The difference between now and the past is that the violence related to sorcery has increased in numbers and the level of violence is horrifying. The United Nations estimated that in 2016 in one of Papua New Guinea’s twenty province alone, there were approximately 200 sorcery related killings[3].  International groups such as Amnesty International[4], the United Nations (UN)[5], and Oxfam[6] have condemned the practise of sorcery in Papua New Guinea.

The Sorcery Act was enacted in 1971 by the Parliament to address this issue. The purpose of the Sorcery Act 1971 was to prevent and punish evil practices of sorcery and other similar evil practices, and for other purposes relating to such practice.

In retrospect, the legislation had unintended effect. Among other reasons, the Sorcery Act 1971 legitimized the act of sorcery even if the action was just malicious accusation from evil-intentioned people. [7]  Under this law, a suspect could be prosecuted based on mere suspicion.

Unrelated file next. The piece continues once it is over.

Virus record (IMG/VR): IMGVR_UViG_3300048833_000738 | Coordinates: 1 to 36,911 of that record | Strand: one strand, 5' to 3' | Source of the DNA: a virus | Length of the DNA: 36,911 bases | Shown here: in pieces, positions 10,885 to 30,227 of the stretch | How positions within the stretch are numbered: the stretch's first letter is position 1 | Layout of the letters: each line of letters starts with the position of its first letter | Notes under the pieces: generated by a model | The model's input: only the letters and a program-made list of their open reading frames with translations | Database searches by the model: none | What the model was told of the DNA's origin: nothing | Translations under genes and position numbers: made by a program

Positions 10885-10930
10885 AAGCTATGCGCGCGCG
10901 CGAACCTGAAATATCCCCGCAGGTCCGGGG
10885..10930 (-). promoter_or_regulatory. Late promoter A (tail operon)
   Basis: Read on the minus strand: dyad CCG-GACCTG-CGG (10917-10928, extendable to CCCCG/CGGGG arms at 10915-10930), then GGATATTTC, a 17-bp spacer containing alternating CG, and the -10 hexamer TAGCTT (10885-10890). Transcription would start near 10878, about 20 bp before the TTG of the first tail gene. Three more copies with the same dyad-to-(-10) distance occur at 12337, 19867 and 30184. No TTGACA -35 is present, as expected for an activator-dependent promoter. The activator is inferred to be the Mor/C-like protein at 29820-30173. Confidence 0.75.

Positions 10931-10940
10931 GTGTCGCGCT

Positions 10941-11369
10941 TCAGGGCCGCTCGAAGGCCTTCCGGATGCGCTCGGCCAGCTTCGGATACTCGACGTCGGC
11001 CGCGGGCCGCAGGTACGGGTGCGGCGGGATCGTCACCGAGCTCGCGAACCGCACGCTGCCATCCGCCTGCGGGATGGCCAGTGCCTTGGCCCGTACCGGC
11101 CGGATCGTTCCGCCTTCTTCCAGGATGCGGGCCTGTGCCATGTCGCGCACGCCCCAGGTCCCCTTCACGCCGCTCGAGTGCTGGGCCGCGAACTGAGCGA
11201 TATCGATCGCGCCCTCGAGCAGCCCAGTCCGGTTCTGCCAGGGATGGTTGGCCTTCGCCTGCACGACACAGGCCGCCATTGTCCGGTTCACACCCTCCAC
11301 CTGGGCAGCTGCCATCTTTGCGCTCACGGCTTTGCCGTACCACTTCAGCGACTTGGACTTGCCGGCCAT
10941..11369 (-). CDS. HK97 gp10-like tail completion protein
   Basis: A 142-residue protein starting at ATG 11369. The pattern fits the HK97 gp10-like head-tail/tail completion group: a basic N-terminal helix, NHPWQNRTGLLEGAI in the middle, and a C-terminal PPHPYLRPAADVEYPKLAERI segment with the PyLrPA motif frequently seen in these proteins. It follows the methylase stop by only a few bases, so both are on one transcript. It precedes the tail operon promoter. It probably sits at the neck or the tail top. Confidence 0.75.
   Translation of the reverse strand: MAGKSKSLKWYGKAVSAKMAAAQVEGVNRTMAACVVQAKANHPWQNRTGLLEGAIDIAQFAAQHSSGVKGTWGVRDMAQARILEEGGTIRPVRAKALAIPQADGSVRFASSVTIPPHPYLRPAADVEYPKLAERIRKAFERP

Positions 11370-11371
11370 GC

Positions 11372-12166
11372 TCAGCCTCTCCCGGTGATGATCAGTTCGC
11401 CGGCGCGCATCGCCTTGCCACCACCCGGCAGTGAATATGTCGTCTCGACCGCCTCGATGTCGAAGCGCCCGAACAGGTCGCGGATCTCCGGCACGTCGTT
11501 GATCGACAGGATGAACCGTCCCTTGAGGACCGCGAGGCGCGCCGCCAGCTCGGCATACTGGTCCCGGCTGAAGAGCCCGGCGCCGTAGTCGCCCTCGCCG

A conundrum for the court of law was that the action of sorcery is spiritual in nature and cannot be defended in a court of law, where physical evidence is required for decision making[8].

The PNG Constitutional Reform Committee (CLRC) when formed in 1975 had the responsibility to review the Sorcery Act 1971.  The CLRC meeting of 1977[9] did not have any firm recommendations on the issue. It was later in 2013, on the eve of Leniata Kepari’s death that the CLRC recommended that the Sorcery Act 1971 be repealed and sorcery related violence be tried under the Criminal Act Law[10].

Two years later in 2015, following several national conferences on the sorcery, a committee led by the PNG Department of Justice and Attorney General (DJAG) was tasked to develop a Sorcery National Action Plan (SNAP) to address sorcery related violence. The plan was approved in a National Executive Council (NEC) decision on 21 July, 2015[11].